It turns out agile and service management go together quite nicely. But how, and how do you translate the agile philosophy to actual changes in your work? There is much to learn on the topic.
Agile Service Management: A Checklist
Here are several practical examples on how to make your service management more agile:
Make Sure Everything You Do Adds Value for the Customer
IT departments usually place a good deal work into tasks that have little actual value for their customers. For example, a colleague of mine recently visited an organization where its IT department had written an extensive manual for a new smartphone it offered. While this might sound useful, most of the information was already available to users on the internet. That and next OS update would have made the manual outdated and useless.
Plainly speaking, this is a waste of time and resources. There’s no need to replicate work already done and content that is readily available anywhere on the web. Taking a focus on agile, a better way to go may have been of documenting information to keep the manual limited to what is strictly necessary, and provide these instructions to a small test group. In doing so, only describe company-specific information, such as how to synchronize your work email with the new smartphone, and respond to the documentation based on the feedback you receive from your test group. Following this feedback, you are able to update the documentation before you officially begin to supply the smartphone, for example.
Always Work Closely with Your Customers
As it designs its services and processes, service organizations must make many assumptions about the needs of its customers. For example, for years a facilities organization encouraged its customers to log a call when something was wrong in the office building. Recently, it discovered that customers were annoyed to receive five or six status update emails after they log a call—one reason many customers stop logging calls altogether.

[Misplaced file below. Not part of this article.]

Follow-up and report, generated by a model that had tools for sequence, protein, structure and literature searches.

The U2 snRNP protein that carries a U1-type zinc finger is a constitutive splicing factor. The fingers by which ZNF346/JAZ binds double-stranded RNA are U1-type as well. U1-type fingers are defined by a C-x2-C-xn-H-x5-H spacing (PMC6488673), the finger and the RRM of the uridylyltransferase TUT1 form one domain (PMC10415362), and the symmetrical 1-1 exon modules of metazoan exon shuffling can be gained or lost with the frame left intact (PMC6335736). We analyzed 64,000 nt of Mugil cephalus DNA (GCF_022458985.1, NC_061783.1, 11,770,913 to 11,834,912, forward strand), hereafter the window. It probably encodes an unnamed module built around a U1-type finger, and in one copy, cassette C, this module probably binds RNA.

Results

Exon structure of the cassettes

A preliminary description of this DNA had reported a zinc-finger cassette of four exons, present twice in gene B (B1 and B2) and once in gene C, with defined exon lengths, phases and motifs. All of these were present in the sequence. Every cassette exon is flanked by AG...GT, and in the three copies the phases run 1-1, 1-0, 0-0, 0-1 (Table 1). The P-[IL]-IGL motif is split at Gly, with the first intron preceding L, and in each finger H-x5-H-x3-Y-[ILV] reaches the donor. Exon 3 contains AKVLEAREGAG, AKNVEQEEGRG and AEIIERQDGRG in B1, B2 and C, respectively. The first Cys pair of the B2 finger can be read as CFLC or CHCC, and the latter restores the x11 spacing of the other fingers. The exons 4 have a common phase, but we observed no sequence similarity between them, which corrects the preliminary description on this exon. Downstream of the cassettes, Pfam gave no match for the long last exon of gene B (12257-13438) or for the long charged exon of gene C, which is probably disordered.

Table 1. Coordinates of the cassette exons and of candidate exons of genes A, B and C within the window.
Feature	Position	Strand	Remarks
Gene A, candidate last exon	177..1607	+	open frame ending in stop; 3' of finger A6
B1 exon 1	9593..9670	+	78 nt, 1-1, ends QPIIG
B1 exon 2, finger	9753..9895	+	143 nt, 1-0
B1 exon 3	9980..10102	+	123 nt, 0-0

In agile service management, you always involve your customers as soon as possible with everything you do. Using the example above, come up with a solution together with customers. When customers log a call, they can tick a box saying they want to receive status updates. One question and a single checkbox can spare a great deal of frustration.
The Right People in the Right Place
Many IT organizations lean heavily on processes, unfortunately, but their goal is to guarantee consistent quality of services, no matter who supplies the service. While good in theory, in practice it matters who supplies a service. For example, an unmotivated service desk likely probably leaves a less-than-positive impression on your customer than a happy, motivated employee. You simply can’t cover this outcome with a “process.”
An important part of the agile mindset then is providing enough time and attention for your team members, which only functions well with people who are good at the work they do and when the work they do makes them happy. If a team member is no longer motivated, talk to the employee and see if you can find a role where they’ll be happier, and better able to support the organization as a whole.
Make Your Processes as Flexible as Possible